Abstract 12579: Sirt2 Contributes to the Development of Heart Failure Through a Nrf2 Dependent Pathway
Introduction: Heart failure is associated with a change in cardiac energy metabolism and increased oxidative stress. Sirtuins (SIRTs) are NAD+-dependent deacetylases, and critical regulators of energy metabolism and oxidative stress response. However, the function of SIRT2, the only cytosolic sirtuin protein, in regulating the development of heart failure is largely unknown.
Methods and results: To explore the role of SIRT2 in the development of heart failure, we examined the response of Sirt2-/- mice and their littermate controls to pressure overload by transverse aortic constriction (TAC) and cardiac ischemia/reperfusion (I/R). Sirt2-/- mice had normal appearance and cardiovascular parameters at baseline. However, in response to TAC, Sirt2-/- mice displayed resistance to the pathological hypertrophic response. In the I/R injury model, Sirt2-/- mice had better cardiac function and less cardiac fibrosis after 28 days of surgeries compared to WT mice. In vitro, Sirt2 knockdown reduced reactive oxygen species (ROS) production and cell death in neonatal rat cardiomyocytes (NRCM) after H2O2 treatment. Since cellular oxidative stress is a key contributing factor to both I/R and cardiac hypertrophy, and nuclear factor (erythroid-derived 2)-like 2 (NRF2) plays a major role in antioxidant activity of the cell through regulation of several antioxidant proteins, we tested whether NRF2 is involved in SIRT2-mediated cardiac response to oxidative stress. We found that NRF2 expression is higher in NRCM with Sirt2 knockdown compared to WT cells after H2O2 stimulation. And NRF2 is translocated into the nucleus and its anti-oxidant target proteins are upregulated in NRCM with Sirt2 knockdown. Further experiments demonstrated that SIRT2 directly interacts with and deacetylates NRF2, and reduces its nuclear translocation and transcriptional activity. In addition, Sirt2-/- mice have higher levels of acetylated NRF2 in the heart. Finally, knockdown of both Sirt2 and Nrf2 abrogates the effects of Sirt2 knockdown on ROS production and cellular damage.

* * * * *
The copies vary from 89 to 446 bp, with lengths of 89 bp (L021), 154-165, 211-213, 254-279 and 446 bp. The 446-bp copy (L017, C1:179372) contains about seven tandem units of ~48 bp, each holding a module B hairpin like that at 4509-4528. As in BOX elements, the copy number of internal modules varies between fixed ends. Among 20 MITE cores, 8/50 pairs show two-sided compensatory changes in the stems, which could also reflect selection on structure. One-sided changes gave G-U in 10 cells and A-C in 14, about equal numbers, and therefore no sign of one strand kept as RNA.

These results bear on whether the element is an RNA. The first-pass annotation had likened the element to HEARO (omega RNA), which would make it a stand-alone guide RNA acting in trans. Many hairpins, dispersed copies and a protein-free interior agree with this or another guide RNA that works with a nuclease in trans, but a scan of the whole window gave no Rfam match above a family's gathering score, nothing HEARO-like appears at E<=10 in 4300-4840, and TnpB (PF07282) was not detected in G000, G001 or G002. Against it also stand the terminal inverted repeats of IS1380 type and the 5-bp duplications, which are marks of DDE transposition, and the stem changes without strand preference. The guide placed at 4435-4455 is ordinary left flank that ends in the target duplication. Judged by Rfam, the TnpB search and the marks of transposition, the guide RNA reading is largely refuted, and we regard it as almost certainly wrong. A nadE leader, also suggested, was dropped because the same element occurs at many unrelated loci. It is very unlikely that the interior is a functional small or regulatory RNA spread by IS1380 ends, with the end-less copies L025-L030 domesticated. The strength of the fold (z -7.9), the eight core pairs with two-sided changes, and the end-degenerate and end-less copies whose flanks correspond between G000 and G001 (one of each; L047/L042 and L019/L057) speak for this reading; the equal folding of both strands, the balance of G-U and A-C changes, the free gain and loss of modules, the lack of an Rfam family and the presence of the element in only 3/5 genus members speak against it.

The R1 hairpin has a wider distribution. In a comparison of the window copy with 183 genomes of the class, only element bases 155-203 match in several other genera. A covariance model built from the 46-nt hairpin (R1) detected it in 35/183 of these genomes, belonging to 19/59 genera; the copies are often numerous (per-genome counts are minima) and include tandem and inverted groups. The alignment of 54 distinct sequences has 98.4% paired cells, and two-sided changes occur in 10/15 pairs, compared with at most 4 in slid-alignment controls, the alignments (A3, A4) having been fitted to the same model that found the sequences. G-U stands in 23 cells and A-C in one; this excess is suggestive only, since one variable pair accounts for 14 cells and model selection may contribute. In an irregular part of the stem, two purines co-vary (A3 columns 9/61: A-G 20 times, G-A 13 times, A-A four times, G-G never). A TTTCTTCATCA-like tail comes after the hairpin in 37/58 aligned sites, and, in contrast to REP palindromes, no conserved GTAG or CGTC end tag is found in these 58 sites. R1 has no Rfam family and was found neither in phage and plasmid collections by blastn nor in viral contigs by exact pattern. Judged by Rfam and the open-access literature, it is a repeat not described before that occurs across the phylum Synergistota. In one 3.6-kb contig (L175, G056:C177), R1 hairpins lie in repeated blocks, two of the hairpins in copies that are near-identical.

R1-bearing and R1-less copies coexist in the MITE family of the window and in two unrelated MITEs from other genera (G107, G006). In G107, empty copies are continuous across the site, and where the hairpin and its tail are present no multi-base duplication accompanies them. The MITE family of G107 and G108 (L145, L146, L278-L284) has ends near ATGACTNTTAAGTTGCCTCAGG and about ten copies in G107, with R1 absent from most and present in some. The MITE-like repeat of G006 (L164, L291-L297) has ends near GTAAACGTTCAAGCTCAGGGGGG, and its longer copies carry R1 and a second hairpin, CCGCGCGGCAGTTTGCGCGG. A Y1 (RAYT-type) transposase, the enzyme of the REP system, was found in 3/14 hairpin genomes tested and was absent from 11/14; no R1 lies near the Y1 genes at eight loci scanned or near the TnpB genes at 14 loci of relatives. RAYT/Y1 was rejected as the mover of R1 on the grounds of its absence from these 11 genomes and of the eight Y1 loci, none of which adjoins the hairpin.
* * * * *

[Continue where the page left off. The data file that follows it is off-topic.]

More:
Conclusion: Our results indicate that SIRT2 contributes to the development of heart failure in mice, and promotes oxidative stress injury in cardiomyocytes by deacetylating NRF2 and altering its activity.
Author Disclosures: X. Yang: Research Grant; Modest; #14POST20490097. M. Shang: None. C. Kamide: None. C. Chen: None. S. Park: None. R. Wu: None. T. Liu: None. A. Vassilopoulos: None. H. Ardehali: None.
- © 2016 by American Heart Association, Inc.